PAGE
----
Saturday, 30 July 2016

About being cautious on Facebook

Facebook. Great for connecting, but you do have to be careful.

You have to pay attention to privacy and security on Facebook, otherwise you can make not only yourself but also your Facebook friends vulnerable to opportunistic people.

Have you ever had that thing happen to you, on Facebook, where you receive a friend request from Sheri Steilmann (a made-up name), you think: “What? I thought Sheri was my friend already”; you shrug, puzzled, accept the request, and then all kinds of weird stuff starts appearing on your page. Oh no! It wasn’t Sheri (who was indeed already your friend), it was someone who had stolen her identity, created a copycat Sheri Steilmann page, and is working through her Friends list sending out friend requests.

Once you have discovered this, you can block the offending person and report them to Facebook. Save their URL before you delete them, so Facebook can identify and block them. Make sure you get the false Sheri so the real one doesn’t get reported and blocked!

When this happens it’s all very depressing and embarrassing – it happened to me a few years ago before I got wise to it, it’s happened to lots of my friends, and of course people who are new to Facebook are much more likely to be taken in.

There are two things you can do to protect yourself and your friends against this kind of thing. These measures are especially important if you have lots of friends.

I’m assuming you have already attended to your privacy levels and ensured that only your friends can see your posts. Otherwise the entire world can listen in to your conversations.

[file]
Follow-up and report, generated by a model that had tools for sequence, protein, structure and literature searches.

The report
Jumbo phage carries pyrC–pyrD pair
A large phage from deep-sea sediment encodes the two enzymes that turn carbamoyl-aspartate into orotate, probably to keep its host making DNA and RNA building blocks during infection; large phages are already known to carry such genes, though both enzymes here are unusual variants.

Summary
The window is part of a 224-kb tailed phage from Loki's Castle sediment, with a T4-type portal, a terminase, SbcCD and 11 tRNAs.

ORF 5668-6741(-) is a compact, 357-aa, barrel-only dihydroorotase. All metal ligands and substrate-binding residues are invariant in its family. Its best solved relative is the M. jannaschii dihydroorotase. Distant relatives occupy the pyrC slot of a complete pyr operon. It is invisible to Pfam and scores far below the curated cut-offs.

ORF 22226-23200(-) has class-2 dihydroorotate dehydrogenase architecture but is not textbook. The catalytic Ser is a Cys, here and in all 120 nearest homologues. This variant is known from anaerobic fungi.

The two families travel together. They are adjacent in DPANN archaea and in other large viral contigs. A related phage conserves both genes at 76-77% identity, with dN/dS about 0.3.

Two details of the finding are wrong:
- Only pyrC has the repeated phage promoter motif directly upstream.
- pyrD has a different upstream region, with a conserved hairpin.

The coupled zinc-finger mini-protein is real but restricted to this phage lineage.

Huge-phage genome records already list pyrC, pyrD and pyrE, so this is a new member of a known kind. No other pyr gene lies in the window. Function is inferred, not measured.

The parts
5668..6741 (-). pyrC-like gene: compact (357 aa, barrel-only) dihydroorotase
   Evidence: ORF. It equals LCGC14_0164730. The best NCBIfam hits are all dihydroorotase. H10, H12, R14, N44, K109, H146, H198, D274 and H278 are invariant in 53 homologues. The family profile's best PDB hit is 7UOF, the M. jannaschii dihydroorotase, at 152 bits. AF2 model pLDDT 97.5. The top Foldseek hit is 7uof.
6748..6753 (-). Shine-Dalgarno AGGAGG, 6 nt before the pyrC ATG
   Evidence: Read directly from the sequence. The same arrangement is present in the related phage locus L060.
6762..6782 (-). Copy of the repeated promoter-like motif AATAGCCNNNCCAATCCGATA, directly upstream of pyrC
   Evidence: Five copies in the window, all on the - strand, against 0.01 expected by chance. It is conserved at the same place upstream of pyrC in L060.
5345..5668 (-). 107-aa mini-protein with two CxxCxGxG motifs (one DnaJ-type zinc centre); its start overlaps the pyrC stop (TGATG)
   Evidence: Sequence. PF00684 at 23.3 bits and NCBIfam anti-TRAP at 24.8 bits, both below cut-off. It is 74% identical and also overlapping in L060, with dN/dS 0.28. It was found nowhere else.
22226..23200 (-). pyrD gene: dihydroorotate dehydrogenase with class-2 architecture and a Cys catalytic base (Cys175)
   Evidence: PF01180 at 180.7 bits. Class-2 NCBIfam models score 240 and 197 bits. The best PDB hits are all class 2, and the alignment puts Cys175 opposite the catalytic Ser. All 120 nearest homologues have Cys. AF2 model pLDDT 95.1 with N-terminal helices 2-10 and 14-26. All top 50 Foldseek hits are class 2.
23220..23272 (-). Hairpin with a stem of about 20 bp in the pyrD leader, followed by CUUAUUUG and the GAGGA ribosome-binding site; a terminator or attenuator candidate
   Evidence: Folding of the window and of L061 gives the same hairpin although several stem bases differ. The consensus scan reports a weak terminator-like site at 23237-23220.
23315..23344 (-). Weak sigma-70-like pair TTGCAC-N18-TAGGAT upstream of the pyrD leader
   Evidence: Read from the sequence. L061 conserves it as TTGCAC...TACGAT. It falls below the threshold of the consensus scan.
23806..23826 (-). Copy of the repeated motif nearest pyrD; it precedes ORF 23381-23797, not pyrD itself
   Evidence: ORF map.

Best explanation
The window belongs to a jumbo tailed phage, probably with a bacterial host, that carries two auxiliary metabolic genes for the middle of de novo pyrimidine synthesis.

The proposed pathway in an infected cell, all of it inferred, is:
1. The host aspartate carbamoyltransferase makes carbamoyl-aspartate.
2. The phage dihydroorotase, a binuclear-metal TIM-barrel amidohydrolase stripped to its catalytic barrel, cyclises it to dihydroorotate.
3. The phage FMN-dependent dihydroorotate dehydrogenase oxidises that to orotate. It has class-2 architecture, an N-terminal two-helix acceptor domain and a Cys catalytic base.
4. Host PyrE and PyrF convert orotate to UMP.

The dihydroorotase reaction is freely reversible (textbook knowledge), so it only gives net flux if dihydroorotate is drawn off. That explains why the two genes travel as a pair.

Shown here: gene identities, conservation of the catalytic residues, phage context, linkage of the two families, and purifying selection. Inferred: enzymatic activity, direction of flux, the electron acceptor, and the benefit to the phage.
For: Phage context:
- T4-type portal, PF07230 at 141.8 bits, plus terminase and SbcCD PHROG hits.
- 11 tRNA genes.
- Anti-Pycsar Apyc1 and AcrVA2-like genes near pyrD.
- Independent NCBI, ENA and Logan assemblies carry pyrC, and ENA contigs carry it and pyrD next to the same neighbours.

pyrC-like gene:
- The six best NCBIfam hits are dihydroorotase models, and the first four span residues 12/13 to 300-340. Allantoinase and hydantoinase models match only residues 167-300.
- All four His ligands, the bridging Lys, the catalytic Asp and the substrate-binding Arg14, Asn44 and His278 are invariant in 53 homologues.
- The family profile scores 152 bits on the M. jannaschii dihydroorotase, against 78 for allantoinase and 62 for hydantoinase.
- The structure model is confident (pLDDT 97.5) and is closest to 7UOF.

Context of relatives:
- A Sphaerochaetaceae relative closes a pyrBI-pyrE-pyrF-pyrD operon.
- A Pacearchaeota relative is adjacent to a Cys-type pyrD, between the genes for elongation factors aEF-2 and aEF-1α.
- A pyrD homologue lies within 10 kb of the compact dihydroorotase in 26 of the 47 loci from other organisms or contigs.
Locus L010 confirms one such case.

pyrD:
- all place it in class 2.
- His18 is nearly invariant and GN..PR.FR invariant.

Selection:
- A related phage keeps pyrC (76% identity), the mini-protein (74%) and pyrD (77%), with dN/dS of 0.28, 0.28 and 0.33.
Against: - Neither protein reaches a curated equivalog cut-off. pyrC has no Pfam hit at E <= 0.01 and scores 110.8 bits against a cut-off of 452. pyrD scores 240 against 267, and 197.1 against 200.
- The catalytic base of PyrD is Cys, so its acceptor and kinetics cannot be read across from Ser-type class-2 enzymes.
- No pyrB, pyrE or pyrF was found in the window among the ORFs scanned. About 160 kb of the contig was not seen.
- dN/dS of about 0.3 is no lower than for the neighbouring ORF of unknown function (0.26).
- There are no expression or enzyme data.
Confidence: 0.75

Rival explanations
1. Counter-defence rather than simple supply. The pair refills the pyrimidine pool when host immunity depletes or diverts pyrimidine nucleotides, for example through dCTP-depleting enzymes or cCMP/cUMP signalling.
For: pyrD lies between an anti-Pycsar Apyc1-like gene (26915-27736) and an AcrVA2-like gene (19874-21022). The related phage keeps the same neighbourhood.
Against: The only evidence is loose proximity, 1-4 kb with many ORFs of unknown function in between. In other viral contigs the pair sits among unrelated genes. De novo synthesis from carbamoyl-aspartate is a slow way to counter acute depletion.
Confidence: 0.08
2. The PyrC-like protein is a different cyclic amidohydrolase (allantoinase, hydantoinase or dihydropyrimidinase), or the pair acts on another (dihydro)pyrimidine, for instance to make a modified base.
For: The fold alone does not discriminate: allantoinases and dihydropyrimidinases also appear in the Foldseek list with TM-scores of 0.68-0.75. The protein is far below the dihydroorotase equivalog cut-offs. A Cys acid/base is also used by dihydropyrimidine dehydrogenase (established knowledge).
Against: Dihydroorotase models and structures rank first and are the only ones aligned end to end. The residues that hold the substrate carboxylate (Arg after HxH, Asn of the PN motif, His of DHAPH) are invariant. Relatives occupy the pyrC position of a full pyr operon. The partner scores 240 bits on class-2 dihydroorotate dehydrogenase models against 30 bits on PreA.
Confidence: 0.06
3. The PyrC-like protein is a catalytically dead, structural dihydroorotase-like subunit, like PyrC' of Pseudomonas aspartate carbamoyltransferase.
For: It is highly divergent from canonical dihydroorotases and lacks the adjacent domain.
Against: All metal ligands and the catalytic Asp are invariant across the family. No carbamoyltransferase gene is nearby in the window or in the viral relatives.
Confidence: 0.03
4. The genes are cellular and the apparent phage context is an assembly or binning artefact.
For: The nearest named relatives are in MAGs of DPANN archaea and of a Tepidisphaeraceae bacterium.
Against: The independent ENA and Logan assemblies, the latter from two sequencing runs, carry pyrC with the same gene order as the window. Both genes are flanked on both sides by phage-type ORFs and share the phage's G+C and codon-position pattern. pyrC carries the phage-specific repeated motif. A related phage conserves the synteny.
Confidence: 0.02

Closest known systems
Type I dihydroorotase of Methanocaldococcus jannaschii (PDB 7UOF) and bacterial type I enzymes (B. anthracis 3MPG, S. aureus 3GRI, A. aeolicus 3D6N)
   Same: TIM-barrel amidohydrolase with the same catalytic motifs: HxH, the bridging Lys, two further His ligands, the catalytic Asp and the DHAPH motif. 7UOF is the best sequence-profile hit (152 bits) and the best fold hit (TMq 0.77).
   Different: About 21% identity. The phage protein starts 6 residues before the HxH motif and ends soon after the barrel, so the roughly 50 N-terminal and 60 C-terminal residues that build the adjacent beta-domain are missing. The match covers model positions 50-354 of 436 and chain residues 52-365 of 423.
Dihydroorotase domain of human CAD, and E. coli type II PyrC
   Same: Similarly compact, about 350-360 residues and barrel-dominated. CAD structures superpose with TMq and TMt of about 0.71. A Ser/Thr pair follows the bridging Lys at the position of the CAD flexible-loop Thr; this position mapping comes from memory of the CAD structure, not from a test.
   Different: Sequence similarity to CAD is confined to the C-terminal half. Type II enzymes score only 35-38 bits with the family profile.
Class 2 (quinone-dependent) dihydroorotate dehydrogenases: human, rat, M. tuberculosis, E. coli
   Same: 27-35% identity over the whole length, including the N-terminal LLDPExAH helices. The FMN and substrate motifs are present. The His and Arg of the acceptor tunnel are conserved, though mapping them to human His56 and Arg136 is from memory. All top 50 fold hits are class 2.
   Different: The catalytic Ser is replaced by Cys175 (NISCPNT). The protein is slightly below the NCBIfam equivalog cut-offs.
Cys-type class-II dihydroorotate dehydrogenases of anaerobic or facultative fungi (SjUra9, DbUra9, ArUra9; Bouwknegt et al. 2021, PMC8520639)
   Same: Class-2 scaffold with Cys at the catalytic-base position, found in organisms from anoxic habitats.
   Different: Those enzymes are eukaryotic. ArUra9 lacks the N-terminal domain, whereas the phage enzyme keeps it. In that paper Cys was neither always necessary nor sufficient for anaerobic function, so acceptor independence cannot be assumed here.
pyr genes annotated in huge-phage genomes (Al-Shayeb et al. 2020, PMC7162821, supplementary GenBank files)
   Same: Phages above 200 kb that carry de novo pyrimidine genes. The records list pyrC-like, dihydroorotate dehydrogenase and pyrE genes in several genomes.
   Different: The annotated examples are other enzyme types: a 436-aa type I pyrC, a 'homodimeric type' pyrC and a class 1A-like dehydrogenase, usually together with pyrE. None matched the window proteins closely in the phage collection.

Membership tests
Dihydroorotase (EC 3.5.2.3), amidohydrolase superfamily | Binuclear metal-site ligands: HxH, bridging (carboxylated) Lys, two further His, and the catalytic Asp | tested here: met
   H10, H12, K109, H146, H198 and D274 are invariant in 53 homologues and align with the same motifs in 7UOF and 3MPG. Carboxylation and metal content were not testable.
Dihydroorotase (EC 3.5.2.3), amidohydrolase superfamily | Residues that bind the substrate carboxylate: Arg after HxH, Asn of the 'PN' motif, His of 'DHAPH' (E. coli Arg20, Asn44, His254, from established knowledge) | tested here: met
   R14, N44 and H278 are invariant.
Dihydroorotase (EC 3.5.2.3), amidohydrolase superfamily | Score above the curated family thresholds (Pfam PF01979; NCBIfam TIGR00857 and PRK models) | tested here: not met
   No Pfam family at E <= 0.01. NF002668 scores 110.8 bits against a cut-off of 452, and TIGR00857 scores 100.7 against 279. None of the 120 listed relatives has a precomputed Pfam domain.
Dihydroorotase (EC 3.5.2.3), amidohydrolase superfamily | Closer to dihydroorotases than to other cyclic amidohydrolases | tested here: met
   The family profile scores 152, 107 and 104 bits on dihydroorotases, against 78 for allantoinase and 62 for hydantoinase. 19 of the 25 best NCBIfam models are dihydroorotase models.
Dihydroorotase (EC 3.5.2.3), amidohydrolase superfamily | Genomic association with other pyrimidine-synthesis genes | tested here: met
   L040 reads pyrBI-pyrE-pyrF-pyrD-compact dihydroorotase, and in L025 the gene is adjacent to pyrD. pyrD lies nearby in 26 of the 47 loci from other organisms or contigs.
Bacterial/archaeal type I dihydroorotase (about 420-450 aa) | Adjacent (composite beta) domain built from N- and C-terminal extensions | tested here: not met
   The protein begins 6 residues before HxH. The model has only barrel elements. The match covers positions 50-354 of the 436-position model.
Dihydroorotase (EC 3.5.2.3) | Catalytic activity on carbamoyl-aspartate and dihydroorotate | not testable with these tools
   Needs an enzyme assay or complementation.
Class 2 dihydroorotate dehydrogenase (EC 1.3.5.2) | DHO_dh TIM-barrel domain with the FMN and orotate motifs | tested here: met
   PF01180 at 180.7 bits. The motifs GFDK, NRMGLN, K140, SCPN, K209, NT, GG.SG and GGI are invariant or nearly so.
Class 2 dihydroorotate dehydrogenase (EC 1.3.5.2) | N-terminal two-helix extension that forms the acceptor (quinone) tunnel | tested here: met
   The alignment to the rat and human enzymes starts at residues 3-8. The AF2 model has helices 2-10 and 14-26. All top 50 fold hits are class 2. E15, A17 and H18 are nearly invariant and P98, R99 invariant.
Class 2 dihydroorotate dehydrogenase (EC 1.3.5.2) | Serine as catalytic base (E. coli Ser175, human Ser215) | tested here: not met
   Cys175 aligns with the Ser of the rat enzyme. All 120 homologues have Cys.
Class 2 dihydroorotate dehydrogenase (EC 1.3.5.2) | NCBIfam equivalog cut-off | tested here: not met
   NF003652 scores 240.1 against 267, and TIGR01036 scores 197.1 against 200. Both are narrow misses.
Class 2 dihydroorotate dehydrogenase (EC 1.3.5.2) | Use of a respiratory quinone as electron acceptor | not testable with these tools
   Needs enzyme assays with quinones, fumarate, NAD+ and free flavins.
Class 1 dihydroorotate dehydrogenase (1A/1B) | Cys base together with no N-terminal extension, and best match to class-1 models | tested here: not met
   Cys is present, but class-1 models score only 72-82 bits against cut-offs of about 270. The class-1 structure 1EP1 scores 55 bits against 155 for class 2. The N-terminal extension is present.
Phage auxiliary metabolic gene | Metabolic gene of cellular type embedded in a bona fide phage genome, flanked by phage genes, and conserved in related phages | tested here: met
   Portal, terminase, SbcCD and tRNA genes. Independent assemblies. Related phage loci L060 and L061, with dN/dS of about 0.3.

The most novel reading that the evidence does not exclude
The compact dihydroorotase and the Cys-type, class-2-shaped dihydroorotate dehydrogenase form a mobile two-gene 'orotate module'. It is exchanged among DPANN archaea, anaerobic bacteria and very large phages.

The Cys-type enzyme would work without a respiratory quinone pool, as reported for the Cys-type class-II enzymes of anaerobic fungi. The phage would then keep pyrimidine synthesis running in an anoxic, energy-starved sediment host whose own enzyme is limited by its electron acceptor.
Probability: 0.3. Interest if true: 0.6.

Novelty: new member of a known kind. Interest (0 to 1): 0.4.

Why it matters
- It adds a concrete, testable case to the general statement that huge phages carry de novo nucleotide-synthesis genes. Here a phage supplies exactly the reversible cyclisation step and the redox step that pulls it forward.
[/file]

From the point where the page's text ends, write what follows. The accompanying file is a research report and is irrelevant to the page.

Let’s imagine you have loads of Facebook friends – say, 285 – only some of whom you know personally. You accepted lots of requests when you were new, before you got cagey and choosy. You can’t stand some of them and hate their posts, so you turned off notifications for them. You might not even be friends with them, because they might have unfriended you. You have no idea. You don’t like them and never check. Eventually you forget they even exist. So, when you get a friend request from them, you don’t know who they are, though their name seems vaguely familiar.

At this point – make it a habit every time you receive a friend request, to check. Check if they are already on your list. If they are, it’s a copycat; don’t accept the request. If they are not already on your list, check the Facebook page of the person who’s sent you the request. If their security and privacy are tight so you can see hardly anything, send them a message asking who they are, how they found you and why they want to be your friend. Be careful who you accept as a friend, because people can find out a lot about you, your family and your Facebook friends and their families – Facebook friendship makes people vulnerable; you have to be sure you can trust the people you befriend. Bear in mind that your friends will trust them because they are friends with you.

So the first thing you can do is check before you accept.

The second thing you can do is attend to the privacy settings on your friends list. This is separate from your general privacy settings.  If you inadvertently, unfortunately, embarrassingly let in a copycat identity, the damage they can do is limited if your friends list privacy is at the setting where only you can see it.

I have a friend on Facebook who has over 2000 friends. I know, because I scrolled down and looked at them. A lot of them look like trusting, not especially savvy types. I clicked on a few of them and looked at their pages, learned a lot about their lives and families. Most of them had about 300 friends.

If I were an unscrupulous person, I could take advantage of that to terrible effect. I bet my friend with 2000 friends can’t remember who they all are. I bet if I copied an identity of one of her friends who lives in a different country, the chances are she wouldn’t know them personally or remember they were already a friend. I bet she’d accept if I sent a friend request under the assumed identity. And if I picked an ID with a bad headshot of a woman in a covering, I’d come across as trustworthy to people who don’t know me.